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The purpose of this paper is to develop a comprehensive and an in-depth analysis of the financial performance of Suleiman A. G, a German corporation specializing in the manufacture and distribution of a wide range of machine tools and robots on the international market. The analysis will focus on the company’s first four years of its 21st century business, which proved to be an important turnover due to a high rate of increased profitability. The report aims at providing the stakeholders with the right, correct and concise information regarding the company’s financial health in order to help them in critical aspects of their decision making in regards to their investments in the company.
Analysis of the corporate sales growth
An analysis of the company’s profit and loss statements for 2001 and the three consecutive years provides a clear indication that the rate of sales growth was increasing significantly. At the end of the 2000 financial year, the company’s balance carried forward in terms of sales was $240 million. However, it recorded an increase of more than $19.9 in the 2001 financial year, which translates to 8.3%. In fact, this was the company’s most significant indication that its financial health was set to increase in the new century. For instance, in the two consecutive financial years, the growth rate continued to increase rapidly, recording 12.1% and 14.9% in 2002 and 2003 respectively. However, the sales growth rate stagnated in 2004, recording a slight reduction of about 0.2%. Noteworthy, the rate cost of goods sold remained statistic at an average rate of 67.75%, providing adequate evidence that the company’s revenue in terms of sales was experiencing a constant increase. In addition, it provides insights into a possible increase in the corporate profitability, especially when other expenses such as depreciation, interests, taxes and other payables remain stagnant. The charts below provide a visual analysis of the company’s sales performance for the 2001-2004 financial years.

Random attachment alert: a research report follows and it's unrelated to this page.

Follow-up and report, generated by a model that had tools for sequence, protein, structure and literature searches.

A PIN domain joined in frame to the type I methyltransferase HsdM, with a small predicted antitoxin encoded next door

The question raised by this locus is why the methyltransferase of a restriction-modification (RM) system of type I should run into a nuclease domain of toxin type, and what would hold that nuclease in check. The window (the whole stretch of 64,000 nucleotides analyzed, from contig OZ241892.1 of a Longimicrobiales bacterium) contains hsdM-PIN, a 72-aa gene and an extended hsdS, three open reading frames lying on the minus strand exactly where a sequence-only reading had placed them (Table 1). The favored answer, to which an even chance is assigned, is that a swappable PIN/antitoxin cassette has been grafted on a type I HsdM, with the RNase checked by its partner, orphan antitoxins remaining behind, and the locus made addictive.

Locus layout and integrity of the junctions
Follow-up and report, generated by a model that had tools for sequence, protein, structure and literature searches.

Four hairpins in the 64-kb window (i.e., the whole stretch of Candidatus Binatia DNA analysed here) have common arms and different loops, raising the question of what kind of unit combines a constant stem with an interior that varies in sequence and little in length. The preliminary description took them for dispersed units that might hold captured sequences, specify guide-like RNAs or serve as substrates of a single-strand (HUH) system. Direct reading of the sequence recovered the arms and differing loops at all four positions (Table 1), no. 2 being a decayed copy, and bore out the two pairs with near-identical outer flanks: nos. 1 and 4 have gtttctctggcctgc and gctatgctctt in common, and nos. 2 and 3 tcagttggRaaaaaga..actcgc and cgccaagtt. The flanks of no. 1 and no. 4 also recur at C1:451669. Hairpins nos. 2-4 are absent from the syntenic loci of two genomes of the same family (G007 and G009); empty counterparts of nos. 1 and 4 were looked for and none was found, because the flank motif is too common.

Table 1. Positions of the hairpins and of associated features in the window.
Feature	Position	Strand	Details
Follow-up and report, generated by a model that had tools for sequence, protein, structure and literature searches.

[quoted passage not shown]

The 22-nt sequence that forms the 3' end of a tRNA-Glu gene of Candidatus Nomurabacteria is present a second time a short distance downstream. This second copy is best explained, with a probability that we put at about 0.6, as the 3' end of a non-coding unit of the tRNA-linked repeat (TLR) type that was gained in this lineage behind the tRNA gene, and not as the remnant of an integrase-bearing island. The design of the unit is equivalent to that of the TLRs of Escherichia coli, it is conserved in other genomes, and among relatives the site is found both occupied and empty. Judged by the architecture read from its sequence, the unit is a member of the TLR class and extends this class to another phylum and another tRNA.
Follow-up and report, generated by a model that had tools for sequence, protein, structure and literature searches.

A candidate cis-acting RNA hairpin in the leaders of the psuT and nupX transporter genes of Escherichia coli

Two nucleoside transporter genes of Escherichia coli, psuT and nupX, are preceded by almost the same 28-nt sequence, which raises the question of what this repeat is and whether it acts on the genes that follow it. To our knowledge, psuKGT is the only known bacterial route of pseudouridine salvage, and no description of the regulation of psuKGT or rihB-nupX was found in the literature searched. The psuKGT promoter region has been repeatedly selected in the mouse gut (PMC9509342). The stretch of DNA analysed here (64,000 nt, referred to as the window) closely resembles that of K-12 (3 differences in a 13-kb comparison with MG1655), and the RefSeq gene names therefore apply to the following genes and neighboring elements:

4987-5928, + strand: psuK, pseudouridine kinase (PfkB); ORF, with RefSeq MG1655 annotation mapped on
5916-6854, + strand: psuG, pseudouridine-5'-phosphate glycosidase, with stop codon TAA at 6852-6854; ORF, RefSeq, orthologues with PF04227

Analysis of Operational Leverage
In this category, the rate of growth for the cost of sales (cost of goods sold) and administrative and selling costs are important determinants of operational leverage.
As indicated above, the cost of goods sold for the four consecutive years remained fairly constant. For instance, in 2011, the company’s cost of goods sold was 67.9% of the previously recorded amount. However, the rate of increase remained fairly constant over the next three fiscal years, averaging at about 67.75% per annum. A stagnating rate of growth in the cost of goods sold provides an insight into the company’s performance and the overall state of the business environment (the economic environment). For instance, the company makes relatively few sales, with each sale yielding a relatively high gross margin because the annual increase in the rate of sales was relatively high. From this perspective, it is worth saying that the company was highly leveraged.